Then, just on the personal side of things, going out and going for a hike is the biggest thing. Going outside or just doing something away from the lab for a little bit can really free your mind open, and that’s, I think, for most people. Remove yourself from an environment if you get stuck and if you just need to think. I’d say going outside, going for a walk, going for a swim, or just doing whatever makes you happy that doesn’t make your brain work too hard. That gives your brain some space.

Tanya: Yeah, isn’t that funny when you have – I’ve spoken to so many people, by the way. Whether it’s scientists, or academia, or entrepreneurs, business operators, doesn’t matter, the biggest breakthroughs happened in the shower, on the toilet, taking a run in the morning. I mean, you name it. Yeah, so I guess it’s really allowing yourself that unstructured thinking where your subconscious does a lot of the dot connecting and, boom, an idea opens up. It’s amazing.

Dr. Kaitlyn Sadtler: Yeah, that’s why you give yourself the mental space is – I’m going camping this weekend. Before I start up my next position, I’m headed out into the woods for a weekend to just clear my head, of course, and then come back and get ready to do some fun science.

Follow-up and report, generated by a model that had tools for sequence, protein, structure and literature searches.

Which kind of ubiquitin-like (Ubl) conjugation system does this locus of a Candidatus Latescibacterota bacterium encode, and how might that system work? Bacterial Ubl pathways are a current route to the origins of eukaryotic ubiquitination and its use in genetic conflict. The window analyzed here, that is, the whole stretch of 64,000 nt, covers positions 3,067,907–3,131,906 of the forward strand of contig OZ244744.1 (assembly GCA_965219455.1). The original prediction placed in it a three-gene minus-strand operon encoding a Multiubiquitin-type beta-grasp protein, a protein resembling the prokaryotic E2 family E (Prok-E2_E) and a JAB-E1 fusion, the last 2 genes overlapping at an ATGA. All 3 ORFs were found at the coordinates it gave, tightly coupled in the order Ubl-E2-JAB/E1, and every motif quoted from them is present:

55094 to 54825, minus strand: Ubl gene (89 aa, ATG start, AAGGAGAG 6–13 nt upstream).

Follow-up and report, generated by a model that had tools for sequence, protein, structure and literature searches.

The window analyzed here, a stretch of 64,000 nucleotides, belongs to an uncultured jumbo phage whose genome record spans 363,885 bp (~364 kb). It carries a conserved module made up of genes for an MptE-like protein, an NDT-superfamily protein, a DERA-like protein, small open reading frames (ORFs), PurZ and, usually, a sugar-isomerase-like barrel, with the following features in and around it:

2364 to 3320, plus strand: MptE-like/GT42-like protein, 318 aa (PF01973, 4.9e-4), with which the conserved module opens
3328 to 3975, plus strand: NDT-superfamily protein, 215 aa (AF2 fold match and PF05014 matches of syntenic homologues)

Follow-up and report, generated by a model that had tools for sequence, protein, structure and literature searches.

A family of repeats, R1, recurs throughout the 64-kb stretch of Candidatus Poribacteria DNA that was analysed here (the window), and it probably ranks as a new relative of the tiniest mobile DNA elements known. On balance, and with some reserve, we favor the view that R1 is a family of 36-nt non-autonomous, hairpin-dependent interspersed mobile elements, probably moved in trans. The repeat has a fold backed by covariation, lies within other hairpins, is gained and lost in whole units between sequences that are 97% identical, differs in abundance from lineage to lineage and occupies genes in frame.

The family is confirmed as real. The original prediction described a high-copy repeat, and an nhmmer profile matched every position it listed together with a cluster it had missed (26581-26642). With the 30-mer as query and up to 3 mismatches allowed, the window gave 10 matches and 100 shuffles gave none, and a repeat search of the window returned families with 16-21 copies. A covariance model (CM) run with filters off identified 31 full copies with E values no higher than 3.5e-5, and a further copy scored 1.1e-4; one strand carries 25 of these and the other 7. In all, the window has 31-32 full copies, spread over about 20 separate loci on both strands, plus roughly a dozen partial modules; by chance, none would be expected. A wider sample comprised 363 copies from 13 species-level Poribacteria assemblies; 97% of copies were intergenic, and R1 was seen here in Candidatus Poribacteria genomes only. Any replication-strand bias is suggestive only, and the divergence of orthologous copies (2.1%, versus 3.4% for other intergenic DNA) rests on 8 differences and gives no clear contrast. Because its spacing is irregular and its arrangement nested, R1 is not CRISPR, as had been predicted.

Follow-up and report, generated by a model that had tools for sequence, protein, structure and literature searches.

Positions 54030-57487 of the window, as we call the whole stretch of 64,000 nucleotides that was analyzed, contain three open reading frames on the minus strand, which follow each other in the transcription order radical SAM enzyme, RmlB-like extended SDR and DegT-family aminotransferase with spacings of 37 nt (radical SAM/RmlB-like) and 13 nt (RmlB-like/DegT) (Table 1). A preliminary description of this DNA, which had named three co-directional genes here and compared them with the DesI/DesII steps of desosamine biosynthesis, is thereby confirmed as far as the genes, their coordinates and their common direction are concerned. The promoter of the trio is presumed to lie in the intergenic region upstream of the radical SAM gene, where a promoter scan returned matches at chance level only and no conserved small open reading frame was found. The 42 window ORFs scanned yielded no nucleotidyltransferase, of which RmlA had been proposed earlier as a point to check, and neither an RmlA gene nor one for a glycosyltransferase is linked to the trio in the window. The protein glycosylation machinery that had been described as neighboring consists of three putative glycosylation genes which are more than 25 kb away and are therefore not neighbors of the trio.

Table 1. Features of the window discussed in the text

Tanya: That’s awesome. If you look back on your career up until now, what has been single-handedly the toughest challenge that you have had to overcome?

Dr. Kaitlyn Sadtler: I was born and raised in Maryland. I went to college there. I did my PhD there. Then I decided that I needed to break out of the box a little bit, of my box, and I moved up to Boston. I knew no one in the city, and it was a big jump for me. When science can get stressful, it’s really important I think, for multiple careers, to have that personal side. When you move up somewhere for work, it’s not as much like when you move somewhere to start an educational program.